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Our CEO responds to Prof Paul Garner

January 28, 2021

Action for M.E. CEO, Sonya Chowdhury, responds to Prof Paul Garner.

This morning, Prof Paul Garner appeared on BBC Breakfast to talk about his recovery from Long Covid. Building on his latest BMJ blog on the same topic, published on Monday, the experience he shared sadly confuses anecdote with statistical significance, and opinion with fact, causing significant distress to people with M.E. It is this that I wish to address here.

Prof Garner’s recovery from Long Covid is of course positive news. But it undermines the principles of quality research to presume that a sample of one person (a person saying he improved because he exercised and thought differently about this illness) can be extrapolated for all people living with Long Covid – or M.E./CFS, for which Prof Garner says he fit the criteria, and was referred to an M.E./CFS specialist. For some people who are already on the trajectory of getting better, it’s logical that they may start to do more and think differently but correlation is NOT causation.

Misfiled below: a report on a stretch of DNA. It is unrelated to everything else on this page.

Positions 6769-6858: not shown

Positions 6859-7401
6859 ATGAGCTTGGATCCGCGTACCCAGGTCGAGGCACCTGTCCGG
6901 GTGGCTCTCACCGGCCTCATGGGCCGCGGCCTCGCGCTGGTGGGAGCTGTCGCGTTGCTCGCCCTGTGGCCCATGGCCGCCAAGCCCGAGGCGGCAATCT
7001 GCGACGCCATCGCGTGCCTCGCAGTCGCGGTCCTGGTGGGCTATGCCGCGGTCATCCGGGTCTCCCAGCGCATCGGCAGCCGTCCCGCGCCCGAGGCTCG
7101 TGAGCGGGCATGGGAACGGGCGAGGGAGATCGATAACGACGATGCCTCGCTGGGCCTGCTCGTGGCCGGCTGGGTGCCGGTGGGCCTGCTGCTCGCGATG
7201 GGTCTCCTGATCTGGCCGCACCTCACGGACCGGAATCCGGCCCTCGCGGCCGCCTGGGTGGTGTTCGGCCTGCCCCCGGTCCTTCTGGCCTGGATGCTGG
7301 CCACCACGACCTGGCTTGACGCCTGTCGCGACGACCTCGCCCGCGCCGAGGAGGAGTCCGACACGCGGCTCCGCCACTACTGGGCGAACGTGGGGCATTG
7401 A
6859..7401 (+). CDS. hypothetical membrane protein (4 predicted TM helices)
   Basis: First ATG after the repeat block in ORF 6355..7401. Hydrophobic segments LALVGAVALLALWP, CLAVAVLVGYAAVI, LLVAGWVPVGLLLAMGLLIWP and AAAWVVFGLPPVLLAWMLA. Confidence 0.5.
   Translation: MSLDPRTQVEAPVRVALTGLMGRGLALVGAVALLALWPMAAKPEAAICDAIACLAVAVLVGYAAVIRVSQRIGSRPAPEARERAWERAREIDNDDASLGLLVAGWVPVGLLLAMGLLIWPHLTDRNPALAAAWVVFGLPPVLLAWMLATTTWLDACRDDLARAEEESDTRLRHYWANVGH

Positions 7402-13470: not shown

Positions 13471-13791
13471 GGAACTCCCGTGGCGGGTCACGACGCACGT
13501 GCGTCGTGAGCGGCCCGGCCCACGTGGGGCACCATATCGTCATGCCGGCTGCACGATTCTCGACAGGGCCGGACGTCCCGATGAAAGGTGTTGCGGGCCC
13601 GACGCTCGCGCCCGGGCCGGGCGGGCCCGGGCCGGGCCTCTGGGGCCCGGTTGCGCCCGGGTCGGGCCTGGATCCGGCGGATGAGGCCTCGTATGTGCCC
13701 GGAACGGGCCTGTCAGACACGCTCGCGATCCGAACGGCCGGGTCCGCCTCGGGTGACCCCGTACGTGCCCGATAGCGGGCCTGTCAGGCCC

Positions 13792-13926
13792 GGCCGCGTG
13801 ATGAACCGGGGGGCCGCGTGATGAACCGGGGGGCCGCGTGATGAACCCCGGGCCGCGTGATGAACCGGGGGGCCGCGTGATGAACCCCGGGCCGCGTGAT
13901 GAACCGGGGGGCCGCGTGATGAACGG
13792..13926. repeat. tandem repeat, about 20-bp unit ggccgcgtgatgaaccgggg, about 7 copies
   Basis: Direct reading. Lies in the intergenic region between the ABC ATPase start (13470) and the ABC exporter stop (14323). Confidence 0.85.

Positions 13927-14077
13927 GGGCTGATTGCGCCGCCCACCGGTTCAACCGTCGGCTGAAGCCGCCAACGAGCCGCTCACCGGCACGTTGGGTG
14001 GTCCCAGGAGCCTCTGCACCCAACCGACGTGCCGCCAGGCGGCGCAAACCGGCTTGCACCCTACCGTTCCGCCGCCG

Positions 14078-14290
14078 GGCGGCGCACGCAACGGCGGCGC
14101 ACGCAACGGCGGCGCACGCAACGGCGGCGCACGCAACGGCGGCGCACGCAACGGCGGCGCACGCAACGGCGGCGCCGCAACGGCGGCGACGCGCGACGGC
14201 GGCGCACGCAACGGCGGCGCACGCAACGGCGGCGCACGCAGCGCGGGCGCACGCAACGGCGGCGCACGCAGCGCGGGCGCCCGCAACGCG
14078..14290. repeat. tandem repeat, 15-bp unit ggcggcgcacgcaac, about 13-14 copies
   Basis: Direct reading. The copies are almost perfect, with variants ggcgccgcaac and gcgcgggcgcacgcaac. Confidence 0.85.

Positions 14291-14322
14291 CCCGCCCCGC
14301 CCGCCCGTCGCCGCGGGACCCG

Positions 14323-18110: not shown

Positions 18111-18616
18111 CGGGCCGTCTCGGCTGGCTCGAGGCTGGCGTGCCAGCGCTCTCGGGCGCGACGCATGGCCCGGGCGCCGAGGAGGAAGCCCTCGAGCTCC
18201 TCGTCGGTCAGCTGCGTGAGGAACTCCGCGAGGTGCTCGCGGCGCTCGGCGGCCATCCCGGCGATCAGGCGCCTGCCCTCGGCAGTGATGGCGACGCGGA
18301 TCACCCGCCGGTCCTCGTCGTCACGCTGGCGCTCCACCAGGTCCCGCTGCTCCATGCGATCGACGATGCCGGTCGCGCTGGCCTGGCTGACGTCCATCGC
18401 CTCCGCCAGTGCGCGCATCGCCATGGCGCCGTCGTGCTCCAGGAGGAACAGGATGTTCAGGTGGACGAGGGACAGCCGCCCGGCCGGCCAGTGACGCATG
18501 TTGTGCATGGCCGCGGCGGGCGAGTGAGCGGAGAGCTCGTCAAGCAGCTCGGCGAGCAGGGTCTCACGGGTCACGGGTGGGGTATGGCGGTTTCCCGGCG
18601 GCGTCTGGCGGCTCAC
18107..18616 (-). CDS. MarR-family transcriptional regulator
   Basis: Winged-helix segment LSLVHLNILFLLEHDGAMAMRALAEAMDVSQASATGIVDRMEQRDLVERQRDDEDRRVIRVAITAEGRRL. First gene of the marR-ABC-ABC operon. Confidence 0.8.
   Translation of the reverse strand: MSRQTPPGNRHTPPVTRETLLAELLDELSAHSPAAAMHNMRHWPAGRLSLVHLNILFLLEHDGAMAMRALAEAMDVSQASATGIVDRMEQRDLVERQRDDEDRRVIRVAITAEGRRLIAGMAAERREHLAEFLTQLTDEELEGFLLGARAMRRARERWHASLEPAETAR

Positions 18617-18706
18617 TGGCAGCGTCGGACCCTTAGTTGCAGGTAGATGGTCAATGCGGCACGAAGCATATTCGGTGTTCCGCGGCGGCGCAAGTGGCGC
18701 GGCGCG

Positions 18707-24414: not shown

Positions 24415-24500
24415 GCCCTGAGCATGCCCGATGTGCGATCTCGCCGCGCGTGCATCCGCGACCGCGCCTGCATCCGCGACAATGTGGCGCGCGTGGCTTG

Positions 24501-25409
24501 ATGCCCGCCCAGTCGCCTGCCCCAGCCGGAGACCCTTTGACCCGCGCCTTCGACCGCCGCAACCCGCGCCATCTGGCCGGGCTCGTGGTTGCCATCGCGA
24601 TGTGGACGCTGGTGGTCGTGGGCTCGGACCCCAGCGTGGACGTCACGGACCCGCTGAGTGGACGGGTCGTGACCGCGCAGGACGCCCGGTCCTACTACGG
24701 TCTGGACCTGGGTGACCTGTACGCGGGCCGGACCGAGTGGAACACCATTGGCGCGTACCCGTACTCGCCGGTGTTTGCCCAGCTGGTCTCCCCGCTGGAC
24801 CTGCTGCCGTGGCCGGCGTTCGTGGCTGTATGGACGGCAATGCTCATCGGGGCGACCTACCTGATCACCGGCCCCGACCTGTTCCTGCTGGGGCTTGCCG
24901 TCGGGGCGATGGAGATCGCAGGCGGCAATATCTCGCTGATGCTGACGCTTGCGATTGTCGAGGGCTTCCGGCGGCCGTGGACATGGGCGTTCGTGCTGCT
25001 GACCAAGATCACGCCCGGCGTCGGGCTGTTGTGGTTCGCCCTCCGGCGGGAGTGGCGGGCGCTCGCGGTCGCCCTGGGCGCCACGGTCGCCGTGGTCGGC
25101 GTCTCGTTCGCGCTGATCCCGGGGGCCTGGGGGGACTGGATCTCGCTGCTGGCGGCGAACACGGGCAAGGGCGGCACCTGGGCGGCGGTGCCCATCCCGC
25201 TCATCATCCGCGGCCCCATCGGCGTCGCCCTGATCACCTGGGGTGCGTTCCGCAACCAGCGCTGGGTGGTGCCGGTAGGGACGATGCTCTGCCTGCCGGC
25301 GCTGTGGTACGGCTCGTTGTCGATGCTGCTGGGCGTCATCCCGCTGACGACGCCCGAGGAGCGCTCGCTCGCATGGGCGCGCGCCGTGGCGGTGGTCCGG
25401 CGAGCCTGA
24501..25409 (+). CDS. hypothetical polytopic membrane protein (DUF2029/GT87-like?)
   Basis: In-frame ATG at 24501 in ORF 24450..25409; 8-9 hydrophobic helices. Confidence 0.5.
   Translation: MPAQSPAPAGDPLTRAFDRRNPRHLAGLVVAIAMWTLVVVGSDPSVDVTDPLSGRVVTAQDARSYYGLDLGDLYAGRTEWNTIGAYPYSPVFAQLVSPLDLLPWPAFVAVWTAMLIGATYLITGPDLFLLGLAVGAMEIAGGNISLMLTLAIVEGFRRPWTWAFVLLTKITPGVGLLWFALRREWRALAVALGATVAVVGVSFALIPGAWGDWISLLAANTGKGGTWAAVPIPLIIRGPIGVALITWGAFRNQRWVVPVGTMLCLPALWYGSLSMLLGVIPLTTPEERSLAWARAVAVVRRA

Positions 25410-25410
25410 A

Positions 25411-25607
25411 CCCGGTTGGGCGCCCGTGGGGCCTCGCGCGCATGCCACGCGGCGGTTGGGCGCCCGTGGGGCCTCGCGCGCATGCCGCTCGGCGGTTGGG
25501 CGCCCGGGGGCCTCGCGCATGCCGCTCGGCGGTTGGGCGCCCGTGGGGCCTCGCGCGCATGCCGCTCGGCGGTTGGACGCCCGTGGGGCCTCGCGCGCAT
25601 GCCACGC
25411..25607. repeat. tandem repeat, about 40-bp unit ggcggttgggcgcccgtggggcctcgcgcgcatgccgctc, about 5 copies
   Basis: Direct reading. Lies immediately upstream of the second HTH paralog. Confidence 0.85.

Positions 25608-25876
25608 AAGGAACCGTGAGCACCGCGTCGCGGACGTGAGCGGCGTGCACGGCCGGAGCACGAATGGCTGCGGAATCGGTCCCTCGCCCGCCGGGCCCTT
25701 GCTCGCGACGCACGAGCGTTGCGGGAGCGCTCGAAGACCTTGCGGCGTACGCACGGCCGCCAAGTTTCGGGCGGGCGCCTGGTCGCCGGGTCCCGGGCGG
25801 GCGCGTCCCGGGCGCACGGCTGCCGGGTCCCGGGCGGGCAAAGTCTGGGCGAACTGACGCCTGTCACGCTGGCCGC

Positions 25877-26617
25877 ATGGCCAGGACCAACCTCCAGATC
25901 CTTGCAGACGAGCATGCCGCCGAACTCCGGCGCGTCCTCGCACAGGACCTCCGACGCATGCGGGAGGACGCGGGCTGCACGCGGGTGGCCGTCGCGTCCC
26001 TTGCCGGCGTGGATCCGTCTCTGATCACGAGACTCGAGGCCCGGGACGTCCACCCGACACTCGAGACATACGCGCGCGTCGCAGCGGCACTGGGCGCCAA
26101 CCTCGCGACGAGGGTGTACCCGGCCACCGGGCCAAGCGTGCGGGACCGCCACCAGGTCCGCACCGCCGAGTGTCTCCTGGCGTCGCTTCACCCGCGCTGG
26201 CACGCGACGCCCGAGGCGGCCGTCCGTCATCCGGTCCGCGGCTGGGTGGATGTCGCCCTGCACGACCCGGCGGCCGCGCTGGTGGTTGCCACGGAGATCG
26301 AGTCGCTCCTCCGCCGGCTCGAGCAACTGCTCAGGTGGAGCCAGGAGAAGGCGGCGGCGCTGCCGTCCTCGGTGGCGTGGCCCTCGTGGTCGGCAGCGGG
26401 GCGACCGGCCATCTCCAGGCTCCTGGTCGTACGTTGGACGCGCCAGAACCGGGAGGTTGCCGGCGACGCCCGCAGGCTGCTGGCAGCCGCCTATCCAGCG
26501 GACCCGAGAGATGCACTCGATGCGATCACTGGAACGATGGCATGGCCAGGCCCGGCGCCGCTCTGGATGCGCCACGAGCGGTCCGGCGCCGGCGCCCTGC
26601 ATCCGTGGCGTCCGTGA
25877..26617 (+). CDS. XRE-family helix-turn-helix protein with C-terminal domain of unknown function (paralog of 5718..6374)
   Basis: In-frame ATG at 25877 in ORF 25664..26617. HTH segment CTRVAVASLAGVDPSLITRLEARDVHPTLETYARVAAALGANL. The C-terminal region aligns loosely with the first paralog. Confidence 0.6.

By conflating the two, and drawing conclusions that are both statistically invalid and scientifically unsound, Prof Garner has perpetuated an outdated and harmful view of people with chronic illness. We are deeply saddened to see this still happening.

Through our extensive work with the medical profession, the research community and expert patients, in the UK and internationally, we emphatically refute the view that exercise leads to recovery; this is reflected in the evidence carefully considered by NICE in producing its new draft guideline for M.E., advising against physical activity as a cure.

Working collaboratively with other charities, scientists and people with M.E., we are devoting capacity and resources to better understanding M.E./CFS, with the ultimate aim of finding effective treatments, through DecodeME, and further work to be announced soon.



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